Renting is convenient in your early years, as you're just getting a job and getting your life in order, perhaps even moving around for jobs, relationships and adventure.
But as you get older, you may start thinking about buying a house, whether because you're partnered with someone or you are in a long-term career and want to settle down somewhere. After all, when you rent, your money is spent on a temporary place to live; but when you own a house, your money is spent on paying down the mortgage of a permanent asset that you own.
The Homebuying Process
Buying a house is a lot of work — you need to figure out what you want in a house, get pre-approved for a mortgage, find a real estate agent who can help you, go house-hunting and ultimately make an offer. And the work doesn't stop there. Most people who have bought houses say that the real work begins once your offer is accepted and you move into your home.
Maybe you're not in the homebuying process yet; maybe you're still dreaming of what you want in a house, or which neighborhood or city you'd like to live in. Maybe you're simply visualizing your future kids playing in the backyard or having the neighbors over for a barbecue on a warm summer evening.
No matter what stage you're at, even if buying a house isn't something you're actively working on at the moment, you can take action today to help prepare by doing one simple thing: having a good credit score.
Work on Credit Now, Benefit Later
When you go to a bank to get pre-approved for a mortgage, the bank will check your credit and use that to help decide if they'll lend you money and, if they do, what your interest rate will be. If you're approved, the bank will likely give you a preliminary loan amount number that you can use to help you start your house-hunting. When you make an offer on a home, you'll go back to the bank and, as long as your credit is still in good shape, you should be able to get that pre-approved mortgage.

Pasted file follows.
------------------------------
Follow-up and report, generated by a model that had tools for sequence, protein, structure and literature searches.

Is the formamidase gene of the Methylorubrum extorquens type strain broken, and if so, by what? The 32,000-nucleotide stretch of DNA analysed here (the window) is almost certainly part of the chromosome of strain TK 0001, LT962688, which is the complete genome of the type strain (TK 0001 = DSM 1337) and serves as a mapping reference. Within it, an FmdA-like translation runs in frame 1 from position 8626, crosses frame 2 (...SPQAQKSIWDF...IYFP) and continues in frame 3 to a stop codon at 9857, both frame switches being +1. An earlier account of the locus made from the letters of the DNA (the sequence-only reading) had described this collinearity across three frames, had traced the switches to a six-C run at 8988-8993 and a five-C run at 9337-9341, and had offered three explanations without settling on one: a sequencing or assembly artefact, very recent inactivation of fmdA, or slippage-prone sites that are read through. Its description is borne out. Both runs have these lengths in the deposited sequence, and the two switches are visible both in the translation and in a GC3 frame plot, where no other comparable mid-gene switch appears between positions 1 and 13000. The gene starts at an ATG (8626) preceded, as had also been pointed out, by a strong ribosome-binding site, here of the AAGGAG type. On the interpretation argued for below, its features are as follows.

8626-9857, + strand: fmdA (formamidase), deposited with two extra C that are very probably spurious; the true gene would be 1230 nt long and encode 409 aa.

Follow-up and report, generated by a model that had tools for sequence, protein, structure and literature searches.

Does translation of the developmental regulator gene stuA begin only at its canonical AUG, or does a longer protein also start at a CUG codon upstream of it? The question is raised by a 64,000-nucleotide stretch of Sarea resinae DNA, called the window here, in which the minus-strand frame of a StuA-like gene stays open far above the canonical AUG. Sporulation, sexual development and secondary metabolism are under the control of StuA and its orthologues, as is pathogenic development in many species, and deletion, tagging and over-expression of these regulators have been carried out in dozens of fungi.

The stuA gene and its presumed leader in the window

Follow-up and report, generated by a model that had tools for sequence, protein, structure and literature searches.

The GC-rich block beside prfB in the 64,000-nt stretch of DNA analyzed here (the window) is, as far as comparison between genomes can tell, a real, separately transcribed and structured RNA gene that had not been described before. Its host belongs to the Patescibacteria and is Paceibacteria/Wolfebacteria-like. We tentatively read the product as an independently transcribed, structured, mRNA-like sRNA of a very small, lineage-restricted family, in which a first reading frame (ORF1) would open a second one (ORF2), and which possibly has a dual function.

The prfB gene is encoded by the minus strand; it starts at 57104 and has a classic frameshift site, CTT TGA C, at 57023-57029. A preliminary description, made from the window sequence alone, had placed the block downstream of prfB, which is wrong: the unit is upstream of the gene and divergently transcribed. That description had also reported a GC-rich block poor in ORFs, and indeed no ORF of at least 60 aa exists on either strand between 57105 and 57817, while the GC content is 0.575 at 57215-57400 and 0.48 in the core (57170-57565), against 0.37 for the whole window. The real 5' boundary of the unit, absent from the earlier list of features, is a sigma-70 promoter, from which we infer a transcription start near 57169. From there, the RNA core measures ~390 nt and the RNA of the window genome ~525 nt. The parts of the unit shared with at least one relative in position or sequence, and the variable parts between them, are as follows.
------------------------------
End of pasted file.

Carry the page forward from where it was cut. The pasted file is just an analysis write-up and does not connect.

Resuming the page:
In other words, your future homeownership really hinges on your credit. Therefore, if you plan to buy a house in the future (even if it's a couple of years away in your mind's timeline), you are already taking action today on that house purchase.
When you use your credit card, when you pay your credit card off, when you borrow money for a car loan, when you decide to apply for another credit card, when you lend your credit card to a friend — everything you do that impacts your credit is ultimately impacting your eventual homeownership, from how much money you'll get for your mortgage to how much interest you'll pay.
So if homeownership is a dream that you hope will turn into a reality someday, consider the decisions you're making now and how they'll influence your homeownership. To get started, you can see two of your credit scores for free on Credit.com. These scores are updated each month, so you can see where you stand now and what you need to do to get to where you want to be before heading to the bank to talk about mortgages.
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